Bilateral Theta Transcranial Alternating Current Stimulation (tACS) Modulates EEG Activity: When tACS Works Awake It Also Works Asleep
Received 5 September 2019
Accepted for publication 21 October 2019
Published 19 November 2019 Volume 2019:11 Pages 343—356
Checked for plagiarism Yes
Review by Single-blind
Peer reviewer comments 2
Editor who approved publication: Dr Sutapa Mukherjee
Aurora D’Atri,1,2 Serena Scarpelli,1 Maurizio Gorgoni,1 Valentina Alfonsi,1 Ludovica Annarumma,1 Anna Maria Giannini,1 Michele Ferrara,3 Fabio Ferlazzo,1 Paolo Maria Rossini,4,5 Luigi De Gennaro1,2
1Department of Psychology, University of Rome “Sapienza”, Rome, Italy; 2Area of Neuroscience, IRCCS San Raffaele Pisana, Rome, Italy; 3Department of Biotechnological and Applied Clinical Sciences, University of L’Aquila, L’Aquila, Italy; 4Institute of Neurology, Catholic University of the Sacred Heart, Rome, Italy; 5Department Geriatrics, Neuroscience & Orthopaedics, Policlinic A. Gemelli Foundation-IRCCS, Rome, Italy
Correspondence: Luigi De Gennaro
Department of Psychology, University of Rome “Sapienza”, Via Dei Marsi, 78, Rome 00185, Italy,
Tel +39 06-49917647
Fax +39 06-49917711
Purpose: Recent studies demonstrate that 5-Hz bilateral transcranial alternating current stimulation (θ-tACS) on fronto-temporal areas affects resting EEG enhancing cortical synchronization, but it does not affect subjective sleepiness. This dissociation raises questions on the resemblance of this effect to the physiological falling asleep process. The current study aimed to evaluate the ability of fronto-temporal θ-tACS to promote sleep.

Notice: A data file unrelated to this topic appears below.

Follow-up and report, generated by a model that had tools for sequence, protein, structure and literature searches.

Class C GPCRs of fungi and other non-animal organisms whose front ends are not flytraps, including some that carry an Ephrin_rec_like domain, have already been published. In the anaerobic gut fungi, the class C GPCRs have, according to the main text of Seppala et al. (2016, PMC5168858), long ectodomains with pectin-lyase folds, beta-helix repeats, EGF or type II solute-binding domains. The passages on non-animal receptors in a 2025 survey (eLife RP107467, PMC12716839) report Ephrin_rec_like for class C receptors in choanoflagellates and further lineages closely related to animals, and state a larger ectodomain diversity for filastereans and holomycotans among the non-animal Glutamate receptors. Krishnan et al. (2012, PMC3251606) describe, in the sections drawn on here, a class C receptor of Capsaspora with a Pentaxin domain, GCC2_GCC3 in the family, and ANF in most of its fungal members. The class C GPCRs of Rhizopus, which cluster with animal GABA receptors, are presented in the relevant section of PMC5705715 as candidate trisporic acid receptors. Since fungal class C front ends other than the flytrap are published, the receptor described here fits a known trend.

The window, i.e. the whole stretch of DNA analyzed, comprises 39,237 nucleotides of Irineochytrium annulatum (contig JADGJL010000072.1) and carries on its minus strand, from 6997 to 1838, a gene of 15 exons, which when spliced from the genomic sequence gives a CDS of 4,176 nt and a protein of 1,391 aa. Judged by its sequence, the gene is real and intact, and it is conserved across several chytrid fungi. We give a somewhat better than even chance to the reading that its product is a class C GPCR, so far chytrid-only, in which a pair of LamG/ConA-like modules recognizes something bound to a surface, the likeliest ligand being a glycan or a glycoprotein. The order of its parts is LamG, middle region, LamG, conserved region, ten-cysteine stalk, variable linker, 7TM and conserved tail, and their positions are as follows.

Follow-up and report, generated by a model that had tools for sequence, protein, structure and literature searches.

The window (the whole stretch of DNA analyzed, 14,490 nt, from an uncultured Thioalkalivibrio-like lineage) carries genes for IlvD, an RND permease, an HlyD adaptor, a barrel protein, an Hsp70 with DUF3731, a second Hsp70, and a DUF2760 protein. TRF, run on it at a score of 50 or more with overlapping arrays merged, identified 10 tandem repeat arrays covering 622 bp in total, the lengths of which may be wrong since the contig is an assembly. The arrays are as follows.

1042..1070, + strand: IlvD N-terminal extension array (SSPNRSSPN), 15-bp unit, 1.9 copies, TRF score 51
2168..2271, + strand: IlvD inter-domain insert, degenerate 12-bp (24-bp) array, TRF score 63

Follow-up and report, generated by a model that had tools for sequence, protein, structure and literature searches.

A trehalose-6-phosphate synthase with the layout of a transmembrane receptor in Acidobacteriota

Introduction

Subjects and methods: Twenty subjects (10 F/10 M; mean age: 24.60 ± 2.9 y) participated in a single-blind study consisting of two within-subject sessions (active/sham), one week apart in counterbalanced order. Stimulation effects on EEG were assessed during wake and post-stimulation nap. The final sample included participants who fell asleep in both sessions (n=17).
Results: Group analyses on the whole sample reported no θ-tACS effects on subjective sleepiness and sleep measures, while a different scenario came to light by analysing data of responders to the stimulation (ie, subjects actually showing the expected increase of theta activity in the wake EEG after the θ-tACS, n=7). Responders reported a significant increase in subjective sleepiness during wakefulness after the active stimulation as compared to the sham. Moreover, the sleep after the θ-tACS compared to sham in this sub-group showed: (1) greater slow-wave activity (SWA); (2) SWA time-course revealing increases much larger as closer to the sleep onset; (3) stimulation-induced changes in SWA during sleep topographically associated to those in theta activity during wake.
Conclusion: Subjects who show the expected changes during wake after the stimulation also had a consistent pattern of changes during sleep. The enhancement of cortical synchronization by θ-tACS during wakefulness actually corresponds to increased sleep pressure, but it occurs only in some individuals. Thus, θ-tACS can enhance sleep, although individual factors to be further investigated affect the actual responsiveness to this treatment.
Keywords: transcranial alternating current stimulation, sleep, EEG, slow-wave activity, sleep onset
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